Williams, Chris A. ed. (2011). Police and Policing in the Twentieth Century. The History of Policing, 3. Farnham: Ashgate.
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Between the mid-nineteenth century and the present, the British police gained and to a large extent maintained a reputation as the 'best in the world', largely due to their ability to maintain order through consent rather than coercion. Much recent research, however, has pointed out that the label 'golden age' is an over-simplification of British policing in this period. This volume reprints a series of the most up-to-date and relevant articles which deal with: the ways that police organisation was structured and reformed; the nature of the policing task in this period; who carried this task out (with particular attention to the arrival of policewomen); and some of the crises and ongoing areas of concern (such as the policing of prostitution) which they faced.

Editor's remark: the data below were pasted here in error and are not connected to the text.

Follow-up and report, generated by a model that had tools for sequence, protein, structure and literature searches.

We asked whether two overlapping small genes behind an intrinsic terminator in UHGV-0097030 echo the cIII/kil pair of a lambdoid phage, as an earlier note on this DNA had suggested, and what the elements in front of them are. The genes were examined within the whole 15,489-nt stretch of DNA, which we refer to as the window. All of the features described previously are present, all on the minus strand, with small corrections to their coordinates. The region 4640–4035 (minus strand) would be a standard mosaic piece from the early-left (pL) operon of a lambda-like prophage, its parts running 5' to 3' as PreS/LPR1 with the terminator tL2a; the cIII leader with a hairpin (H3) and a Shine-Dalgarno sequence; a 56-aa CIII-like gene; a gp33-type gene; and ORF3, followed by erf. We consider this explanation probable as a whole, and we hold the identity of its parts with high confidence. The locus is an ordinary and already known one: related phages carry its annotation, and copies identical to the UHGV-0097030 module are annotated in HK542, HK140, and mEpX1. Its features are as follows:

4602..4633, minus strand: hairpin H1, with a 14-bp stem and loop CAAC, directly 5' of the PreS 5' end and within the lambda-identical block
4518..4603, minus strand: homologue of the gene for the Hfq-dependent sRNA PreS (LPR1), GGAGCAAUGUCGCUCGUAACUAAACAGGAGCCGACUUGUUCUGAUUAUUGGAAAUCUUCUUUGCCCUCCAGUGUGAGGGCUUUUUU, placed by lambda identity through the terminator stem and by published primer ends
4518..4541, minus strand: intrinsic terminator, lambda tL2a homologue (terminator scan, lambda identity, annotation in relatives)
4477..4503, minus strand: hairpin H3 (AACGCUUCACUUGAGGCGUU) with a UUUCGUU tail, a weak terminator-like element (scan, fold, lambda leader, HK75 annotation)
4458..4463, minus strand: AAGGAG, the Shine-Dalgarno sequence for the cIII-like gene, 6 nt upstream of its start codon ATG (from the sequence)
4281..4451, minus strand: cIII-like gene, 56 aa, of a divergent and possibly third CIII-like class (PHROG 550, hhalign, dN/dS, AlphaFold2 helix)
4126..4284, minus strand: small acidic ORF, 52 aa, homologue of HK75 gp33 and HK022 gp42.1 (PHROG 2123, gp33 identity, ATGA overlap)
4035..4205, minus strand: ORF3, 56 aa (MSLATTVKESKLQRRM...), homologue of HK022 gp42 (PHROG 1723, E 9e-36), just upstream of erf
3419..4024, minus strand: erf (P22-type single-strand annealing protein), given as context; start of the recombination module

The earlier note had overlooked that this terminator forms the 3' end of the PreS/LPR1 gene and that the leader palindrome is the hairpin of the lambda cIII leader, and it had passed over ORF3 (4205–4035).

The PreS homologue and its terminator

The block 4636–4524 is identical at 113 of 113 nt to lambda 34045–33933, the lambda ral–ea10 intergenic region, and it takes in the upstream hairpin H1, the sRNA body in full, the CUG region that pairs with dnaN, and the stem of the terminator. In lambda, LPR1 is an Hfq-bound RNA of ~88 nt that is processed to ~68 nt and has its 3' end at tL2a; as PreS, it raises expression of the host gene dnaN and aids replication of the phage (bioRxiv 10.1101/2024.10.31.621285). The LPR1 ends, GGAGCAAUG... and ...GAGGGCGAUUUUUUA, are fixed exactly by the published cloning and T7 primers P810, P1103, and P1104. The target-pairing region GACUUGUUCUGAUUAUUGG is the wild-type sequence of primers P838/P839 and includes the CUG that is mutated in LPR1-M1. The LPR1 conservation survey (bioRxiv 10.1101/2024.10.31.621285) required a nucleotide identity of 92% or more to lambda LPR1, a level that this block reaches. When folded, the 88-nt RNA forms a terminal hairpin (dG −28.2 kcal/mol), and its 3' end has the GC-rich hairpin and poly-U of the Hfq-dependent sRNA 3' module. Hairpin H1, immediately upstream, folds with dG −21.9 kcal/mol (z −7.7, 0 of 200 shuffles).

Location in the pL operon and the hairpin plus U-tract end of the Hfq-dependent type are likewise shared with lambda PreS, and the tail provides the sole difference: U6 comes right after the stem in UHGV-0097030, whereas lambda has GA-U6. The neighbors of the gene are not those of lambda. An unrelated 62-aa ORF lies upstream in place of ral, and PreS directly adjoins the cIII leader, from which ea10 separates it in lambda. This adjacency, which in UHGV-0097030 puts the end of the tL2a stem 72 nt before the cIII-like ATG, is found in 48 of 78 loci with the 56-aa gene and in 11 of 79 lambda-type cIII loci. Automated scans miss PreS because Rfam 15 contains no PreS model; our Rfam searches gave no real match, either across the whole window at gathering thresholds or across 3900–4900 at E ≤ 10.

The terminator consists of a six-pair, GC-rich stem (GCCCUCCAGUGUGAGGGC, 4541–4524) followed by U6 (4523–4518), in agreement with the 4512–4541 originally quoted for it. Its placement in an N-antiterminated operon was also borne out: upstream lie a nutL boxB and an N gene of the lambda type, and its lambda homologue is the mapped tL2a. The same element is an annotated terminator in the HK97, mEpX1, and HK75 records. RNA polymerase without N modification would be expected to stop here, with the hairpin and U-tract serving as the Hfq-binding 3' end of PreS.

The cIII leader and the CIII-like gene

|Item Type:||Edited Book|
|Copyright Holders:||2011 Ashgate|
|Academic Unit/Department:||Faculty of Arts and Social Sciences (FASS) > History, Religious Studies, Sociology, Social Policy and Criminology
Faculty of Arts and Social Sciences (FASS)
|Interdisciplinary Research Centre:||International Centre for Comparative Criminological Research (ICCCR)
Harm and Evidence Research Collaborative (HERC)
|Depositing User:||Chris Williams|
|Date Deposited:||24 Mar 2011 09:10|
|Last Modified:||04 Oct 2016 11:01|
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